San Juan—As Donald Trump’s rule-by-disinformation strategy intensifies, three weeks after Hurricane Maria, a reeling Puerto Rico is becoming more of a sideshow for his callous stereotyping and ruthlessness. He is subjecting the island’s citizens to layers of anguish, at once revealing the resourcefulness of a sturdy rural culture and the banality of government by public relations. Puerto Ricans, meanwhile, are suffering that all-too-human affliction, the desperate need to connect.
One of the enduring images from Puerto Rico in the wake of Maria is people crowded together near outposts of cable or wireless companies, trying to get a signal so they can communicate. By now most people know that their friends and loved ones have survived; that they may in some cases have water but almost never electricity; that they may need precious medications, or may have stood online at their local pharmacy for hours to get them; that they may have lost all or part of the roof to their home. Survivors have seen their neighborhoods strewn with the carcasses of dead trees, discarded mattresses, and refrigerators; have spent hours trying to get cash out of the few working ATMs in their area or—now a less common complaint—waiting in a gas line.
Sustaining contact on an island littered with fallen power lines and cell-phone towers is difficult, and it contributes to a pervasive feeling of disconnection and chaos. This island is full of people suffering from some form of post-traumatic stress disorder. Imagine finally reaching the remote mountaintop home of a close friend or relative, who sits there with a municipal government–issued packet of crackers, applesauce, and bottled water, looking up at you watery-eyed and saying, “I was wondering whether you even wanted to talk to me anymore.” The disconnection has exposed the inadequate response of the federal government as well as Puerto Rico’s executive branch, led by Governor Ricky Rosselló.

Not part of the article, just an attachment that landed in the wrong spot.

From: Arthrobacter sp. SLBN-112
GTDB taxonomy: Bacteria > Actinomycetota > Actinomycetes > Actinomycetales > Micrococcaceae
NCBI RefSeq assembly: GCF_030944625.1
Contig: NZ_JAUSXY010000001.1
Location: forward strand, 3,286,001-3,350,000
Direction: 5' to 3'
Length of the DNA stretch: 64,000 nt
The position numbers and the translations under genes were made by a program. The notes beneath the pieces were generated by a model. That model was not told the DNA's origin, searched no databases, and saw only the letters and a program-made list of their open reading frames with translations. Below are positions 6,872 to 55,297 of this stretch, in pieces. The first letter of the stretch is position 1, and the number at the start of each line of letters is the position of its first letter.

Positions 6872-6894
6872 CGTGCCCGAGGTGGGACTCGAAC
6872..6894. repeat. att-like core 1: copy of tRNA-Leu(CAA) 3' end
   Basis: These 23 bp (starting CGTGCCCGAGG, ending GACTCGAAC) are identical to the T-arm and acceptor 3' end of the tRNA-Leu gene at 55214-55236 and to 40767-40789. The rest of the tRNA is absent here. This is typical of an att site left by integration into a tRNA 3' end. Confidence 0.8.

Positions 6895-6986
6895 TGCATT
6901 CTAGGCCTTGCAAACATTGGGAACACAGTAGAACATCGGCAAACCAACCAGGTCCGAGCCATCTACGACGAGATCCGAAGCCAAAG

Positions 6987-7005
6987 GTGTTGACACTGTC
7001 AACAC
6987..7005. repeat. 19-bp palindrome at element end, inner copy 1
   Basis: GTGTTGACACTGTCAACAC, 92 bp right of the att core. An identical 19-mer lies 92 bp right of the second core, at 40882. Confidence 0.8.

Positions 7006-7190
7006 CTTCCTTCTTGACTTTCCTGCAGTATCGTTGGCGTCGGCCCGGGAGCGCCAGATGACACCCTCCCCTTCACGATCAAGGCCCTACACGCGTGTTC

“The problem is that Hurricane Irma allowed the local government to exploit public relations and say ‘Look how well we responded to the storm; this has been a success,’” said Heriberto Martínez, an economist, radio host, and occasional political consultant, in a packed San Juan cafe. “Apparently they wanted to maintain the same standard after Hurricane Maria, and when they realized it was unmanageable, they started to look for help outside, but they wasted a week already. What has happened in that week was the self-efforting of the people, who went out on the streets with tools and small cranes to clear streets and roads.”
So it was with Melvin Encarnación, a neighbor of my mother’s in Barrio Barcelona, a remote community near the El Yunque Rain Forest. Just a day after Maria hit, he organized a brigade of local residents to clear with machetes the road that connected with 191, the artery that leads to the entrance of the rain forest park. After hours of work in hot, humid conditions, they trekked up 191 to a well that was operated by barrio residents, cutting through an intense tangle of flayed foliage. Within days of the hurricane, water was restored, just as it was in the days following Irma.